An estimated 2.1 million Americans are afflicted with rheumatoid arthritis (RA), a chronic and debilitating inflammatory disease of the joints.
American and Swedish researchers used blood samples of rheumatoid arthritis patients, along with blood samples from healthy patients, to compare DNA in search of small differences in the genetic code. Independently, both groups were led to a region of chromosome 9, containing 2 genes relevant to chronic inflammation. The researchers found that TRAF1 (encoding tumor necrosis factor receptor-associated factor 1) and C5 (encoding complement component 5) were likely candidates.
The whole-genome screening method helped researchers identify genes that contribute to disease-susceptibility without them imposing their preconceived notions of the disease. Researchers were thrilled to find out that TRAF1-C5 showed association by both American and Swedish groups. The independent research from both countries makes a strong case for the TRAF1-C5 association.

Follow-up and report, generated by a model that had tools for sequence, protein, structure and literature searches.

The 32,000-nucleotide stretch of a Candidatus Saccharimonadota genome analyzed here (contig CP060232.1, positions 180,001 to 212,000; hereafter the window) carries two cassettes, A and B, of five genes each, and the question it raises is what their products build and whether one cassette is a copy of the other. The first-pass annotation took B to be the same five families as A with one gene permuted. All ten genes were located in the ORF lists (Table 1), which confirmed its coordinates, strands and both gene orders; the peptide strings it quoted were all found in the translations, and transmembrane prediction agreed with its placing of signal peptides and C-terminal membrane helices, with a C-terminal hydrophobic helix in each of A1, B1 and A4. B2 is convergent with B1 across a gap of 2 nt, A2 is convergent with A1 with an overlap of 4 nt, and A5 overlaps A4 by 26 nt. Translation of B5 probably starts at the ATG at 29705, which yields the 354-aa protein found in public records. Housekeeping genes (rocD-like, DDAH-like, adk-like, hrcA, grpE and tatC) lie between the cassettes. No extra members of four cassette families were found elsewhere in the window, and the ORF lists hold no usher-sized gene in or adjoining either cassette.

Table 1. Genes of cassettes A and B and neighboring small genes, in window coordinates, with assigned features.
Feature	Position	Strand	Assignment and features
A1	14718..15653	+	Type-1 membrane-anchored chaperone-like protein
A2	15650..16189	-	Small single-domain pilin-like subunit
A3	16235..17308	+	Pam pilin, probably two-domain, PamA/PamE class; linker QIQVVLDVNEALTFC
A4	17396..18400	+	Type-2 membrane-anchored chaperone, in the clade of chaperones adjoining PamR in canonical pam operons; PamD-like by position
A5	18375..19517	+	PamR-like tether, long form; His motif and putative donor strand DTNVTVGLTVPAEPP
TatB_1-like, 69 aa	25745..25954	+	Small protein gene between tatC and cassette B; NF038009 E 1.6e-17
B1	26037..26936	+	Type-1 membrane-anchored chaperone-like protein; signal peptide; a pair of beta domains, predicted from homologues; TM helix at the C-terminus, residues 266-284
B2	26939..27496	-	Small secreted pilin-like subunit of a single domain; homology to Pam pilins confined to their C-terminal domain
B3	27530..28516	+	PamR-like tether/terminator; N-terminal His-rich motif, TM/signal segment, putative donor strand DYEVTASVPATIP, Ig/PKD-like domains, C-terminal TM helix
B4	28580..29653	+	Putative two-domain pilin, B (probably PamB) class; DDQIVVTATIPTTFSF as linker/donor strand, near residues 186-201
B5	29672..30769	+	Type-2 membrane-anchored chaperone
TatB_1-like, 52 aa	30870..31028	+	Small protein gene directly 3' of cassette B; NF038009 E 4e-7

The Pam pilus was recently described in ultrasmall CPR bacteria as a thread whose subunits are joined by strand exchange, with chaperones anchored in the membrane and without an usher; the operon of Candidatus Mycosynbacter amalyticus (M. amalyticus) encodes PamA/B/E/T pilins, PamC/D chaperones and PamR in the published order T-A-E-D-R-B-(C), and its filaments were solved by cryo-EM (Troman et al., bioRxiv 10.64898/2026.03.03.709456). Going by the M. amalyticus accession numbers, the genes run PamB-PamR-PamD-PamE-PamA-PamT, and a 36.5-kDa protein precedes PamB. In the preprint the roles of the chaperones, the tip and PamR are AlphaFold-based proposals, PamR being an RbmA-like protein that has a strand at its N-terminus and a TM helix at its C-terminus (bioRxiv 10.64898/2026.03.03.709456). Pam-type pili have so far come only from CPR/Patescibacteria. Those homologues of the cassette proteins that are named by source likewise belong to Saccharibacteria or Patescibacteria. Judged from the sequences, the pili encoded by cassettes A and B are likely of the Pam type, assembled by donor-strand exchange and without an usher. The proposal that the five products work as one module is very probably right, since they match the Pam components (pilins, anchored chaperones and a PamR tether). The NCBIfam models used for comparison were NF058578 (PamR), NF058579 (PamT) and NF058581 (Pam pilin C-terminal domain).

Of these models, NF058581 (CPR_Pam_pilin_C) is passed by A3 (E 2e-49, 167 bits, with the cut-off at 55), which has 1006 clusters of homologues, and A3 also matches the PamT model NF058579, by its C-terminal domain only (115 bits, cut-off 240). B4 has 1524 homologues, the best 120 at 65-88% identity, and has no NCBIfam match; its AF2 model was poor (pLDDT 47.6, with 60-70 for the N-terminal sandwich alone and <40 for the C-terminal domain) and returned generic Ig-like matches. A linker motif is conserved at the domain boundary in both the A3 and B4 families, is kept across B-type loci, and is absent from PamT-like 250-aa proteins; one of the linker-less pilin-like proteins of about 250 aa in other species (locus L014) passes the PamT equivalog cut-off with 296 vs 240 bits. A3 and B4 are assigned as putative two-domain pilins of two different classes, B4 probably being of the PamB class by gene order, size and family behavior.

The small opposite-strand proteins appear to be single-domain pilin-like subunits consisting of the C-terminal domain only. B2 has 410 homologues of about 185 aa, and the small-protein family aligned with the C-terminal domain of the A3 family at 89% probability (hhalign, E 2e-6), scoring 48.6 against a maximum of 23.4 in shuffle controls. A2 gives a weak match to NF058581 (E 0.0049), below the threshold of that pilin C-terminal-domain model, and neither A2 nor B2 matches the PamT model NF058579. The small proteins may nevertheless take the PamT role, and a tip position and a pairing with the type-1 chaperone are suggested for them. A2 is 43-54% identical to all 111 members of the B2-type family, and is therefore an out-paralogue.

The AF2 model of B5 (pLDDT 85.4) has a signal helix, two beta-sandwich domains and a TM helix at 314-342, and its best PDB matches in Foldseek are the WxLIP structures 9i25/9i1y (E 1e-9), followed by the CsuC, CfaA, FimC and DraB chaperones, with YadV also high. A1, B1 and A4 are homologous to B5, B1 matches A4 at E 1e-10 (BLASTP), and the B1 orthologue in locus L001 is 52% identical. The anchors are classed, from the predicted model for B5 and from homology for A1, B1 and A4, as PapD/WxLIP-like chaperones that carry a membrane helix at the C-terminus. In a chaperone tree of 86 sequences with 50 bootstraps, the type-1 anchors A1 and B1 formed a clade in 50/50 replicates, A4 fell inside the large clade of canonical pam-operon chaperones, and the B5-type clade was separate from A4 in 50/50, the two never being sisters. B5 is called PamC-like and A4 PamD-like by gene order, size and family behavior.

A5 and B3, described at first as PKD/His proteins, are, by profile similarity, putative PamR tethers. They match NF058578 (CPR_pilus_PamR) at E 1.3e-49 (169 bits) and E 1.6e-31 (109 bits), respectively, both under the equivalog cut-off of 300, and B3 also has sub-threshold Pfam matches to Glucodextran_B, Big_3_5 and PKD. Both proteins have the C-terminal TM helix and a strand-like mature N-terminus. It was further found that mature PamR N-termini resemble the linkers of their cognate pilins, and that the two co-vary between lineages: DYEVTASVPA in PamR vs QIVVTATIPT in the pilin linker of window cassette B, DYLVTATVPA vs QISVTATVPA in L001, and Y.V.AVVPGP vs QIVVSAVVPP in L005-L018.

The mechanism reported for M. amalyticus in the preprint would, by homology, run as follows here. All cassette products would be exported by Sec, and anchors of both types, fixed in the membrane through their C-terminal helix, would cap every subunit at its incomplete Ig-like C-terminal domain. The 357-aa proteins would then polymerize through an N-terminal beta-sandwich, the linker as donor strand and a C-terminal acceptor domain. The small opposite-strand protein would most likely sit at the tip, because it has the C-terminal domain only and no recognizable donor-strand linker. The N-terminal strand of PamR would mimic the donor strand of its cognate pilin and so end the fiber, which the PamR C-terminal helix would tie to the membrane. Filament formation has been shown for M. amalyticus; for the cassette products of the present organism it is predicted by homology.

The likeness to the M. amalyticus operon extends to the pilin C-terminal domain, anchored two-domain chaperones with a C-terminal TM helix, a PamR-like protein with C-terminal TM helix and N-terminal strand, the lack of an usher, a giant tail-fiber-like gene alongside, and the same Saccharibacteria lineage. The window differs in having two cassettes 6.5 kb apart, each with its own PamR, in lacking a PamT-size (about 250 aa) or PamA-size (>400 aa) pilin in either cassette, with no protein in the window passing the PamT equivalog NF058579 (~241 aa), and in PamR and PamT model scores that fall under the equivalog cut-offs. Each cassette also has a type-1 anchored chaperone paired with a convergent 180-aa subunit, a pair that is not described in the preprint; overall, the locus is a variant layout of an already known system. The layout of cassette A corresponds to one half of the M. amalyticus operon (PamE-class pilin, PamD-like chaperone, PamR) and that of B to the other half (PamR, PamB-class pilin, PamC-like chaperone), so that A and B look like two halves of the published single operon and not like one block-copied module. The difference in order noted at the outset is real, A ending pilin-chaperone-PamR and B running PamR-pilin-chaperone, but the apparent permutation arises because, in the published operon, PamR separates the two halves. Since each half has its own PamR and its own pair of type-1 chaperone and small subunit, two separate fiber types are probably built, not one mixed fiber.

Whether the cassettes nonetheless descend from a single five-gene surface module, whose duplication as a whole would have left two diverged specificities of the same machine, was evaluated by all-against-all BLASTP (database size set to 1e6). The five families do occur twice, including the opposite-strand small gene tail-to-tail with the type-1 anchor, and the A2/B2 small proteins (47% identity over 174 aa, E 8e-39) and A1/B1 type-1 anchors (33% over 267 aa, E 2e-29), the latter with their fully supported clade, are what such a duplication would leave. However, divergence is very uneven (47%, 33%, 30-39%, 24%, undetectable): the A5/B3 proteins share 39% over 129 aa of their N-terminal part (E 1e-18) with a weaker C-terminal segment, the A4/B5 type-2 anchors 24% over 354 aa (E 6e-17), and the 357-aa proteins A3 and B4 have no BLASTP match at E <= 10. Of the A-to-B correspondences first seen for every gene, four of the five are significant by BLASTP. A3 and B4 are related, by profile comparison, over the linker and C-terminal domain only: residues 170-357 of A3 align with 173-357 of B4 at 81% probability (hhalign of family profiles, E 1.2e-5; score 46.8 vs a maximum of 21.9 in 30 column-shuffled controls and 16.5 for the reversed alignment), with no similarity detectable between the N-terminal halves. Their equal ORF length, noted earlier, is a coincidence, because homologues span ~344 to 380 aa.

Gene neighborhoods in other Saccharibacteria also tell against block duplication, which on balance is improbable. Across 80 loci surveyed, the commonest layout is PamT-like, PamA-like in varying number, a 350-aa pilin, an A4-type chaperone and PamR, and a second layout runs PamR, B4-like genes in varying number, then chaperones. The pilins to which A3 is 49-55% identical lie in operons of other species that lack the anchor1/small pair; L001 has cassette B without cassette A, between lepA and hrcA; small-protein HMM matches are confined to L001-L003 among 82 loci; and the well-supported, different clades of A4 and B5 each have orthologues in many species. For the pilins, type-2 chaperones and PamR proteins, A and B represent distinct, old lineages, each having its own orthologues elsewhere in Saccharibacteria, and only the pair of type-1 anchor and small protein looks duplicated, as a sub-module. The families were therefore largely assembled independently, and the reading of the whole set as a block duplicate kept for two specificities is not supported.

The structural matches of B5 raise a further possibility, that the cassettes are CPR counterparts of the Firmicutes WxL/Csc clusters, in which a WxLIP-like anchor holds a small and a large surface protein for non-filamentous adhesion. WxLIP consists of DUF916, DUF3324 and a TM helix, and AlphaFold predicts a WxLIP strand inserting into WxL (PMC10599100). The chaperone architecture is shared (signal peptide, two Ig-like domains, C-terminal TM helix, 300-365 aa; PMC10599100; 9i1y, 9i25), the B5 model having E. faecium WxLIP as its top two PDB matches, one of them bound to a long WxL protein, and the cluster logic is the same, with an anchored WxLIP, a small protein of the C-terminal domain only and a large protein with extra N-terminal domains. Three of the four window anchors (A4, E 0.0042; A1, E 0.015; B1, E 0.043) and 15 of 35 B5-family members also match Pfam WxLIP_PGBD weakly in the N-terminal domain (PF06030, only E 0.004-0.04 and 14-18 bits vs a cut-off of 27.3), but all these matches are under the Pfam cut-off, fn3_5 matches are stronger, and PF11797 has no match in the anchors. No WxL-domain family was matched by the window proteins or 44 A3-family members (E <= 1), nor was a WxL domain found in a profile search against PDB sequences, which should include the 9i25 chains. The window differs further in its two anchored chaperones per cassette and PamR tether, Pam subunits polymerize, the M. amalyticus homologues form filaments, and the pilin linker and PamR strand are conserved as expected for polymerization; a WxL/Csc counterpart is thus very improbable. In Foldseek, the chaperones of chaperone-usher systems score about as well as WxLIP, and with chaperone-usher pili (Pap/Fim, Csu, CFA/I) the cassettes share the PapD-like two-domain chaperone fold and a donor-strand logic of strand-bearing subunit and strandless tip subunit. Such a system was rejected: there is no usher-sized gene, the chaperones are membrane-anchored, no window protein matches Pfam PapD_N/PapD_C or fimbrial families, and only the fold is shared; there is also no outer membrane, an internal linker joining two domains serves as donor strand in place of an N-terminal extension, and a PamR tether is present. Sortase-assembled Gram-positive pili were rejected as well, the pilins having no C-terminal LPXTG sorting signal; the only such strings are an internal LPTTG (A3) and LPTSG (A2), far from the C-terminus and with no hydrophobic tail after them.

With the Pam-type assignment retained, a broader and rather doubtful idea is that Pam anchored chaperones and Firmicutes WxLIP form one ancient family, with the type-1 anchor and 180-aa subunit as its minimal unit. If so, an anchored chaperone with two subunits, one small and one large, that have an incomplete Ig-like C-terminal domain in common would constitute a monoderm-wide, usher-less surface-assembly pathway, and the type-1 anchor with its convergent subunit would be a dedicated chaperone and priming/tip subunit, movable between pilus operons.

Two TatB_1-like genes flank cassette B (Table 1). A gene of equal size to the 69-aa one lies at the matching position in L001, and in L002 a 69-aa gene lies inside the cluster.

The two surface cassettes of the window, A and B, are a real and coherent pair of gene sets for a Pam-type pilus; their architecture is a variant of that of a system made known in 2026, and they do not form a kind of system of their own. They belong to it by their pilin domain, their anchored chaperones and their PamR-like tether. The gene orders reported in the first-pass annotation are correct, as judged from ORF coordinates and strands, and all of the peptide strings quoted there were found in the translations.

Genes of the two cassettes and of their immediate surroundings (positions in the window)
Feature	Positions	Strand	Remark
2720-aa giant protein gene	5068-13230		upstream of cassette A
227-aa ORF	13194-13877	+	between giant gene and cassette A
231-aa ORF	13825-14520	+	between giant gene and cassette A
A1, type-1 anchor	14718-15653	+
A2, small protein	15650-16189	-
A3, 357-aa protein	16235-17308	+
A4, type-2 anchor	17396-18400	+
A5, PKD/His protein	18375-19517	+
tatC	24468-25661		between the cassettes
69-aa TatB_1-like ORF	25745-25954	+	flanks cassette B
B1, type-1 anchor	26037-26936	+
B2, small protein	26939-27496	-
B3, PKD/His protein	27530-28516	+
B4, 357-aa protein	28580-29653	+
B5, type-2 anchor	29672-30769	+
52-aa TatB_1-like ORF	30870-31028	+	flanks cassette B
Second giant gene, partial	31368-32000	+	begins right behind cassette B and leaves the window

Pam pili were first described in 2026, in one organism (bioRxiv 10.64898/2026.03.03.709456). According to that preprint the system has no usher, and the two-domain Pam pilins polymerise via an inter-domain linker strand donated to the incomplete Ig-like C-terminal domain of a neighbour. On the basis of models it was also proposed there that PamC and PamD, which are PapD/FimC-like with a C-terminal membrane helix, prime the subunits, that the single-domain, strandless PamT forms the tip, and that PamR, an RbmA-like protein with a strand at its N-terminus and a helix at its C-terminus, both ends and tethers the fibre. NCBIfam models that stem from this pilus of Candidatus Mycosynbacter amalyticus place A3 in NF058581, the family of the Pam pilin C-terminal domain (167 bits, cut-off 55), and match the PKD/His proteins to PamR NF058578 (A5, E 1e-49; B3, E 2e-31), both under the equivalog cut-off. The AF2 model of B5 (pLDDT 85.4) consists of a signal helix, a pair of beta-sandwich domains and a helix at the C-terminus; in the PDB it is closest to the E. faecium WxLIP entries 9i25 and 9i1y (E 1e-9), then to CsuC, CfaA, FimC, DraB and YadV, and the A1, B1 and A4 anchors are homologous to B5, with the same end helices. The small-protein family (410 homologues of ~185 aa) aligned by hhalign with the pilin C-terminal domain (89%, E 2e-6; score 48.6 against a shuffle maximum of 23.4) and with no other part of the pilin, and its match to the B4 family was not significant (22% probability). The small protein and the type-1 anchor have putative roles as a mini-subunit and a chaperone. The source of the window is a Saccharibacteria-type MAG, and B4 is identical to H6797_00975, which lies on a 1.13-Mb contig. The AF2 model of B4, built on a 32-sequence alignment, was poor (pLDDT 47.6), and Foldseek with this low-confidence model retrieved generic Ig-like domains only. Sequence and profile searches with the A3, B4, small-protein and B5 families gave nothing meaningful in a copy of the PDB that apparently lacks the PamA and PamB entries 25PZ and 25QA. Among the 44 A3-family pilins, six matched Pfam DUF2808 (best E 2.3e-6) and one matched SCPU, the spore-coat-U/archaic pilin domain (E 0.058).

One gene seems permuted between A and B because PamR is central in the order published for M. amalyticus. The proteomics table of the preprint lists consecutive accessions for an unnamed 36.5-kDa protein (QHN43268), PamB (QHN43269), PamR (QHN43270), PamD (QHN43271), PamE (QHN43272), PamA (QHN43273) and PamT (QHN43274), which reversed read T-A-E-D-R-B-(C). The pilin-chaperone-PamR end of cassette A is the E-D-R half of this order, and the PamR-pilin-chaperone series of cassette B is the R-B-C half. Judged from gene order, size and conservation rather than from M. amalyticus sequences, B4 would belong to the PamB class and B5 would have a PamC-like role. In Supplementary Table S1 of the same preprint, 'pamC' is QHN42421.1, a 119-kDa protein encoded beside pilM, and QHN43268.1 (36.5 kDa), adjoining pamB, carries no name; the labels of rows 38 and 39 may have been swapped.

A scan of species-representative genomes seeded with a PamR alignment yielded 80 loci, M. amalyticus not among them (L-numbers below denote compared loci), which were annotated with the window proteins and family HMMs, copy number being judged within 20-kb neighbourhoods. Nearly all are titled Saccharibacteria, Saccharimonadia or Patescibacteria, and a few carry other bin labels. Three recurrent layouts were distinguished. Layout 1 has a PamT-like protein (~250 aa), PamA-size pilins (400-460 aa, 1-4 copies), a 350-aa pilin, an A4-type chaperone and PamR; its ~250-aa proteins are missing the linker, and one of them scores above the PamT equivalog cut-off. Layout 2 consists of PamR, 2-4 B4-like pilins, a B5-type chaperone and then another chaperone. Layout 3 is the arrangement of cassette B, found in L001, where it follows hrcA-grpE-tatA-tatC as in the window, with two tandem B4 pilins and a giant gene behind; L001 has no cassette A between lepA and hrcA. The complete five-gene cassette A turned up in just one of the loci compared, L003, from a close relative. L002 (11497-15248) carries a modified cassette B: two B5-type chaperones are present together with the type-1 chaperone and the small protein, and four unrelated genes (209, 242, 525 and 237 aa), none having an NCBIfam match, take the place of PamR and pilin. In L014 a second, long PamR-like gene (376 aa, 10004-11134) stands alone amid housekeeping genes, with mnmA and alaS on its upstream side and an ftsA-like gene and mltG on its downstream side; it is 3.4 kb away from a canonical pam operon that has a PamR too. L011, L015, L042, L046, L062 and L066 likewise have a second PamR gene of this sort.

The TRAF1-C5 association is the third pair of chromosomal regions that have now been associated with rheumatoid arthritis. The previous two parings are HLA-DRB1 and PTPN22 and are well established for being associated with RA.
How TRAF1-C5 influences the risk of rheumatoid arthritis is not understood. It is not even known which of the 2 genes is causing the disease. As far as the researchers can tell both of the genes may be involved with RA. Both genes are known to control inflammatory processes that are relevant to rheumatoid arthritis.